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The Great American Songbook


Download links and information about The Great American Songbook by Nancy Wilson. This album was released in 2005 and it belongs to Hip Hop/R&B, Soul, Jazz, Vocal Jazz, Pop genres. It contains 44 tracks with total duration of 01:57:41 minutes.

Artist: Nancy Wilson
Release date: 2005
Genre: Hip Hop/R&B, Soul, Jazz, Vocal Jazz, Pop
Tracks: 44
Duration: 01:57:41
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No. Title Length
1. All of You 1:50
2. The Things We Did Last Summer 2:45
3. The More I See You 2:13
4. The Nearness of You 3:01
5. Never Will I Marry 2:20
6. What a Little Moonlight Can Do 2:28
7. Little Girl Blue 2:52
8. Tonight 2:33
9. Sometimes I'm Happy 1:48
10. Secret Love 3:05
11. A Sleepin' Bee 2:35
12. Fly Me to the Moon (In Other Words) 2:52
13. On the Street Where You Live 1:44
14. You Don't Know What Love Is 2:36
15. This Time the Dream's On Me 2:20
16. Sophisticated Lady 2:33
17. Dearly Beloved 2:13
18. My Ship 3:14
19. My Shining Hour 1:58
20. I'm Gonna Laugh You Right Out of My Life 2:41
21. Back In Your Own Back Yard 2:55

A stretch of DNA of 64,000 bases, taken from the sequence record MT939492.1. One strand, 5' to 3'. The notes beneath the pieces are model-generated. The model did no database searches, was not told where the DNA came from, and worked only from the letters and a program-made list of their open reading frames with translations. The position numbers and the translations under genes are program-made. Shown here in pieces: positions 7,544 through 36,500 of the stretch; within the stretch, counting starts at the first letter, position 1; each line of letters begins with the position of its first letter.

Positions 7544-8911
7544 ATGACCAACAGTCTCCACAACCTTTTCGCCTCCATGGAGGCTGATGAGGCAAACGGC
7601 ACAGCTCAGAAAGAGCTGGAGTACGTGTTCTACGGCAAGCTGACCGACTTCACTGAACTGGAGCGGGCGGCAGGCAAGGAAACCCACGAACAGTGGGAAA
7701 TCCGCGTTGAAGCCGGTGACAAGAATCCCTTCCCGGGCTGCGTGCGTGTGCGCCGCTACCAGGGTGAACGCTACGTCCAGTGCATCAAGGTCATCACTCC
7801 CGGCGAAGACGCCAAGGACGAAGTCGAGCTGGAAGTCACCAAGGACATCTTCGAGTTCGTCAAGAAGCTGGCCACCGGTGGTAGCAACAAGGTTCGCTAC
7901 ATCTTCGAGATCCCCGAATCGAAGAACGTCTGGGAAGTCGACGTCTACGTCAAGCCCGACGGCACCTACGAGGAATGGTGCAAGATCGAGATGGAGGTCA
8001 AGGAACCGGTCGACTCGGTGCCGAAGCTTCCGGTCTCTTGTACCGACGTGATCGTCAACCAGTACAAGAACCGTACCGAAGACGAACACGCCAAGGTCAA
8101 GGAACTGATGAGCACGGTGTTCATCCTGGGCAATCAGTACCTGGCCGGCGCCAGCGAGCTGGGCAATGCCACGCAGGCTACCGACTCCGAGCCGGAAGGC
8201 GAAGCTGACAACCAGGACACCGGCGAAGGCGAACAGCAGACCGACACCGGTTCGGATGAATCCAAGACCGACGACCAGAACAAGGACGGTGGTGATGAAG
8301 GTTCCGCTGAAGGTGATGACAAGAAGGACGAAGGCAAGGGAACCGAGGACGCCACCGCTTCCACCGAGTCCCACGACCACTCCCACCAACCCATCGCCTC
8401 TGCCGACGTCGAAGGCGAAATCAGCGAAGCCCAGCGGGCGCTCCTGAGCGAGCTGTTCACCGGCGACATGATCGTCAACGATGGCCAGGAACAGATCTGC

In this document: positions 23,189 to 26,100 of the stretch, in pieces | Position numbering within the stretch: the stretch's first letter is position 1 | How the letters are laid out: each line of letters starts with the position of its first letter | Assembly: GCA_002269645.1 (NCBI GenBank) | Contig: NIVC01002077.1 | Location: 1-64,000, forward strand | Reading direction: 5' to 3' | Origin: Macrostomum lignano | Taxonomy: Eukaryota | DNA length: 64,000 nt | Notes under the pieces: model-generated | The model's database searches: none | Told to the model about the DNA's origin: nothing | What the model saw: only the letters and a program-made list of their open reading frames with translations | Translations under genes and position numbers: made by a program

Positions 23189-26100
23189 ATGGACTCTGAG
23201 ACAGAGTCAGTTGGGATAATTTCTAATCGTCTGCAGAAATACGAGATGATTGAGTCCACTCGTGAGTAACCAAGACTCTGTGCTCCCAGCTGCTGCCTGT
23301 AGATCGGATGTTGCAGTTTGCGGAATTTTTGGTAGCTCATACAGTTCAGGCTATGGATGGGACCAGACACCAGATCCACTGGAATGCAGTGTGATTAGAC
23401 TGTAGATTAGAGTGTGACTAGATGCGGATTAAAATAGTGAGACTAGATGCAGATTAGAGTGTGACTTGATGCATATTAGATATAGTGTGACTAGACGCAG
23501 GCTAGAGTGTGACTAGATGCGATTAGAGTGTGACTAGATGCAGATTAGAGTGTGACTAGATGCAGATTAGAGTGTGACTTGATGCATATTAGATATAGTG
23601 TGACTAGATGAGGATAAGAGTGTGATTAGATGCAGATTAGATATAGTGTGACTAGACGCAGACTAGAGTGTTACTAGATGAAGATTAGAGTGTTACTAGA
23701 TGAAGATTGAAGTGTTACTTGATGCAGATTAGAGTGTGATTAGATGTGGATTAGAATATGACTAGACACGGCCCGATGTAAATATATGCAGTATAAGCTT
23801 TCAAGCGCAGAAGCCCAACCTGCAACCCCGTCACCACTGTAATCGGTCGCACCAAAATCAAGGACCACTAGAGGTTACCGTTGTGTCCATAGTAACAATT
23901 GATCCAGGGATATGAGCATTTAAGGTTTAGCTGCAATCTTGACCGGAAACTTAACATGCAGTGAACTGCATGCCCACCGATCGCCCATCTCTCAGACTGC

22. People Will Say We're In Love 1:59
23. Bewitched 3:06
24. Try a Little Tenderness 2:44
25. At Long Last Love 2:34
26. In a Sentimental Mood 2:58
27. When the Sun Comes Out 3:57
28. I Thought About You 2:04
29. Darn That Dream 2:53
30. The Very Thought of You 2:54
31. Like Someone In Love 2:21
32. Angel Eyes 2:54
33. My One and Only Love 3:04
34. The Song Is You 2:01
35. Lush Life 3:29
36. It Never Entered My Mind 2:52
37. Prelude to a Kiss 2:44
38. By Myself 2:44
39. Glad to Be Unhappy 3:18
40. Time After Time 3:00
41. Hello, Dolly! 2:25
42. Supper Time 3:54
43. Someone to Watch Over Me 2:35
44. You'd Be So Nice to Come Home To 2:35



The Great American Songbook has many top-drawer interpreters, but Nancy Wilson is rarely spoken of in the same breath as Ella Fitzgerald or Dinah Washington or Frank Sinatra or Mel Tormé. The reason lies less with her talents, which are sizeable, and more with her orientation, which fits the show tunes concept of putting the song across with precise diction as well as emotion instead of the jazz vocal tradition of personalizing a song. Those who know only Wilson's crossover work and think she intrudes in the field of vocal jazz should simply listen to her 1959 performance of "On the Street Where You Live," where she often varies notes and tempo but preserves the essential ebullience of the song intact — an excellent musical performance combined with an excellent reading of a classic standard. That song is only one of the treasures present on the two-disc set The Great American Songbook, one in a loose series of three Capitol compilations to compile Wilson's late-'50s and early-'60s prime, the others focusing on blues ballads and lost love. There is a lot of music to wade through (more than twice as much as the other volumes in the series), but the compilers ably mix up the proceedings, balancing small-group performances that have a loose touch from all involved with large-band spectaculars featuring impeccable arrangements (often by masters of the form Billy May or Gerald Wilson).